Outside the Cutting Room, a music venue on West 24th Street, people are milling about in shivery clusters and standing where the producers have asked them to stand so as not to interfere with the cameras and possibly ruin The Moment. The dozen or so loiterers pretend not to be staring at the taxi that’s approaching at a curiously slow speed. There have been a handful of false alarms—like the jet-black Town Car that pulled up a few minutes ago and deposited some random leggy blonde, as opposed to the random leggy blonde. That would be Whitney Port, one of the sorta-stars of The Hills, MTV’s wildly popular sorta-real show about twentysomethings in Los Angeles. For the past few months, she has been in New York filming The City, a spinoff about her move east to sorta-work for Diane Von Furstenberg. As the taxi inches closer, a producer steps into the street, motioning like an air-traffic controller to ensure the cab is positioned in such a way that the cameras—there are two crews, with two more waiting inside—will be able to capture the three seconds it takes for Whitney to scamper into the club.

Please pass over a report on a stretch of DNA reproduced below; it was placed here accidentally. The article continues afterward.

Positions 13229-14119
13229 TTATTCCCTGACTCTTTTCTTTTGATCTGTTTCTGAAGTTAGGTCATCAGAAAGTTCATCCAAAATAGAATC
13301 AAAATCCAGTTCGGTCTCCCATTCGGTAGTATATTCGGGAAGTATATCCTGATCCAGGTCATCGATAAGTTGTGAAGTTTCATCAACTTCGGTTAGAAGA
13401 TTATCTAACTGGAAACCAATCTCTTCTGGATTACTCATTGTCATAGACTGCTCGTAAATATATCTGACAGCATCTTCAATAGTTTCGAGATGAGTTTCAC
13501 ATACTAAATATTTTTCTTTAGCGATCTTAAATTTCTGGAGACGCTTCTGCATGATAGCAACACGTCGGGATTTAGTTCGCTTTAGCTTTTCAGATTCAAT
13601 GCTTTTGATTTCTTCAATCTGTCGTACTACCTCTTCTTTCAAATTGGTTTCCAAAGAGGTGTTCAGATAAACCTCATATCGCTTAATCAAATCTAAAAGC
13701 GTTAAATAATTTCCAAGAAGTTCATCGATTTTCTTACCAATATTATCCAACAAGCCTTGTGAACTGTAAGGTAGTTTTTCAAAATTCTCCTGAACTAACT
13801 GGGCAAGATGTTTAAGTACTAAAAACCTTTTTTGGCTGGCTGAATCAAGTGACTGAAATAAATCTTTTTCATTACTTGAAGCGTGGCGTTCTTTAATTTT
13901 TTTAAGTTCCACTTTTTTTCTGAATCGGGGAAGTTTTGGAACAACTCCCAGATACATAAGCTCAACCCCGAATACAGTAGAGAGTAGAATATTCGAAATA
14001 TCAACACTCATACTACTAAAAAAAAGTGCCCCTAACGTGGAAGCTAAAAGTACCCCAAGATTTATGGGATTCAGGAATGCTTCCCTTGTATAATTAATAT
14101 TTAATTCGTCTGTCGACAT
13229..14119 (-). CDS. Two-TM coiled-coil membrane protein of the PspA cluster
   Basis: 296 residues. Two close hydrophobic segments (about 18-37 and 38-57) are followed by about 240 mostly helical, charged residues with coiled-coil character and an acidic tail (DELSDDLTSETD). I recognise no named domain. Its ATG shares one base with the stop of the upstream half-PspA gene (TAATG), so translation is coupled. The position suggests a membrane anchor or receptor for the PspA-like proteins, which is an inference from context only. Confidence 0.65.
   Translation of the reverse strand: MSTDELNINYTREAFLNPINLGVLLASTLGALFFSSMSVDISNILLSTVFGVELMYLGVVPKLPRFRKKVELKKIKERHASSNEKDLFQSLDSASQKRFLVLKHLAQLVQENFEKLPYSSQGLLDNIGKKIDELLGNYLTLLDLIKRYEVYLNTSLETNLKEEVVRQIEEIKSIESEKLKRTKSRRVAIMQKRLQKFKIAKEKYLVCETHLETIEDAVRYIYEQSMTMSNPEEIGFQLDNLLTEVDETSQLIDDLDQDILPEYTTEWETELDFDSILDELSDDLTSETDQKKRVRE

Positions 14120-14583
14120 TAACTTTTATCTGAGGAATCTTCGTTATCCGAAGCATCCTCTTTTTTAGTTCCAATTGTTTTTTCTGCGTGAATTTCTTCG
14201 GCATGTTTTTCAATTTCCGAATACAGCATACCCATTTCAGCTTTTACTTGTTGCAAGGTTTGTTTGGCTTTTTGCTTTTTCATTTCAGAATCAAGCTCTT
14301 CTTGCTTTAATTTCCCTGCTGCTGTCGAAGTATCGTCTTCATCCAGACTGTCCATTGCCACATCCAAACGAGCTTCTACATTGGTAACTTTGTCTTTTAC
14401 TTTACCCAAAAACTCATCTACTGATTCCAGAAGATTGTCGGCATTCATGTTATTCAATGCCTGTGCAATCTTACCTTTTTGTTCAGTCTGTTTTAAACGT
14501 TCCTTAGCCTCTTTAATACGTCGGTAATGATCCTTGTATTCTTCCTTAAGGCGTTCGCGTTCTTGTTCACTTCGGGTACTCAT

But let’s freeze the frame right there for a second. Because if you’re not among the many dedicated followers of The Hills—with an average of 3 million viewers, the show is currently the No. 1 cable program among the 12-to-34-year-old demographic—some context is necessary to understand why something as banal as girl going from cab to club merits such attention. Premiering in 2006, The Hills was itself a spinoff of Laguna Beach, a show about a group of privileged, sun-kissed high-school kids in Orange County that positioned itself as a “real” version of The O.C., then a massive hit for Fox on which actors played privileged, sun-kissed high-school kids in Orange County. Part of the appeal of Laguna was that it looked a lot more like a scripted show than like a reality knockoff: MTV used a buttery, cinematic style of shooting that turned the most mundane of plotlines (breakups, makeups, feuding friends) into genuinely (if queasily) addictive programming. This technique was perfected on The Hills, an immediate sensation that was born when MTV decided to follow Lauren Conrad, a button-nosed blonde from the Laguna cast, as she moved to Los Angeles to pursue a career in fashion. For the first three seasons, Lauren interned at Teen Vogue in L.A., which is where she met Whitney, a recent graduate of USC who happened to apply for an internship when MTV was looking to cast a pretty young thing as Lauren’s co-worker. And now, thanks to a little luck and MTV wizardry, Whitney is set to become The Next Lauren when The City debuts December 29.